Venue managers at the American Airlines Center in Dallas, Texas, are rolling out two fully autonomous food stands in an effort to improve the fan experience. The American Airlines Center is the home arena of the NBA’s Dallas Mavericks and the NHL’s Dallas Stars, and also hosts a range of concerts and other events throughout the year.
The new Market To-Go shops will offer a range of prepared and prepackaged goods, up to and including alcoholic beverages. One shop is now open on the Center’s terrace Level, while the second is slated to open in the Main Concourse sometime later in the month.
Both shops will allow fans to pick up food and walk out without needing to stop at a traditional checkout counter. Instead, the stores have been outfitted with computer vision cameras that track everything that a customer takes off the shelves during their shopping session. That system is linked to a mobile checkout app, so when the customer is finished shopping, they can tap their phone at a payment terminal once to purchase everything they picked up without needing to scan each item individually.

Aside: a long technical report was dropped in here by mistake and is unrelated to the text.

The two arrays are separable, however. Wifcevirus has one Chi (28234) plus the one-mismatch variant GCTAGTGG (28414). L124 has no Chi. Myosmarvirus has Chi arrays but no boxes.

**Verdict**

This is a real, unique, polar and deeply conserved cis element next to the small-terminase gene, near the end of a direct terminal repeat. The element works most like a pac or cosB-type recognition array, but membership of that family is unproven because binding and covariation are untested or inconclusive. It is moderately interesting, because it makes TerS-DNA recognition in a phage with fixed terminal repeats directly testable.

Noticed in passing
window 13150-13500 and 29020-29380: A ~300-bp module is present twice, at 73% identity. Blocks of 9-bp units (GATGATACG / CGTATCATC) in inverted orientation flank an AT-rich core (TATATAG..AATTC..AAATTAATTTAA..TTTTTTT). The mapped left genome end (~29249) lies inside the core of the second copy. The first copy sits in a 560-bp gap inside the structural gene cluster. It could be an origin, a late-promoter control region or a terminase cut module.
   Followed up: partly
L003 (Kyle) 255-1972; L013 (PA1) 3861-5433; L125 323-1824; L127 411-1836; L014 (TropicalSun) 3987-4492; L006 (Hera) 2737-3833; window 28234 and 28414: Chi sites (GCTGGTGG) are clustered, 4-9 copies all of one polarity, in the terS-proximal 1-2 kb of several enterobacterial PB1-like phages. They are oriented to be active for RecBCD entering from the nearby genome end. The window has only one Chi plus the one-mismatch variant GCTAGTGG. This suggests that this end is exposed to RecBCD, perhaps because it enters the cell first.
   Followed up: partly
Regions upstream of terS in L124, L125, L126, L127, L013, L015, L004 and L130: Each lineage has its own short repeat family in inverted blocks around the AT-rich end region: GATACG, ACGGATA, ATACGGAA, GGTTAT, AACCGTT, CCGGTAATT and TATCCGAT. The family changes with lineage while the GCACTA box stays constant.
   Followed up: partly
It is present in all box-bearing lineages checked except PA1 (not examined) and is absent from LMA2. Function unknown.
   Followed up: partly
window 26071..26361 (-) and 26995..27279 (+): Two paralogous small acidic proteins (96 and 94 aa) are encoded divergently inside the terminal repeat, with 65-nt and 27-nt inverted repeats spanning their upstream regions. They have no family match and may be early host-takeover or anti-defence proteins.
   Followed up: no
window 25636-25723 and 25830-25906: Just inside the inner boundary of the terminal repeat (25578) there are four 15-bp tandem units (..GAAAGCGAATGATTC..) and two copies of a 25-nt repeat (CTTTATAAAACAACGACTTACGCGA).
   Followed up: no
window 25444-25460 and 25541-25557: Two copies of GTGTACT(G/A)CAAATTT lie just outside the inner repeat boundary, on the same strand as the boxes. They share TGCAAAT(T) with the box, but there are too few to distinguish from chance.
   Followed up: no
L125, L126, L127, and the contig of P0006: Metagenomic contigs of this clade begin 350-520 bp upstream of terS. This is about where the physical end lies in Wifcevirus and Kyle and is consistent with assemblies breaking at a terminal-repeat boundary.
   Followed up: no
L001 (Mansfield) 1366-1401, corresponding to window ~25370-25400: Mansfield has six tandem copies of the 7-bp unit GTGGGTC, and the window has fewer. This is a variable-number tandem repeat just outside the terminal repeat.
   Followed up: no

The project is a collaboration between Standard AI, SpotOn, and Levy, with Standard AI providing the autonomous retail tech and SpotOn providing the mobile payment component. Levy, meanwhile, is the American Airline Center’s hospitality partner, and is responsible for installing and overseeing the project at the venue itself. Levy’s DBK innovation studio is also participating in the endeavor.
While the system does use smart cameras, the developers stressed that it does not use facial recognition. That sets it apart from other frictionless payment and customer screening systems that have cropped up in the past few months. For example, New York’s Citi Field recently announced that it would be using facial recognition to check people’s tickets, while PopID has teamed up with Visa to bring its face-based PopPay system from California to the Middle East.
Some face-based payment systems have received some pushback due to privacy concerns with facial recognition.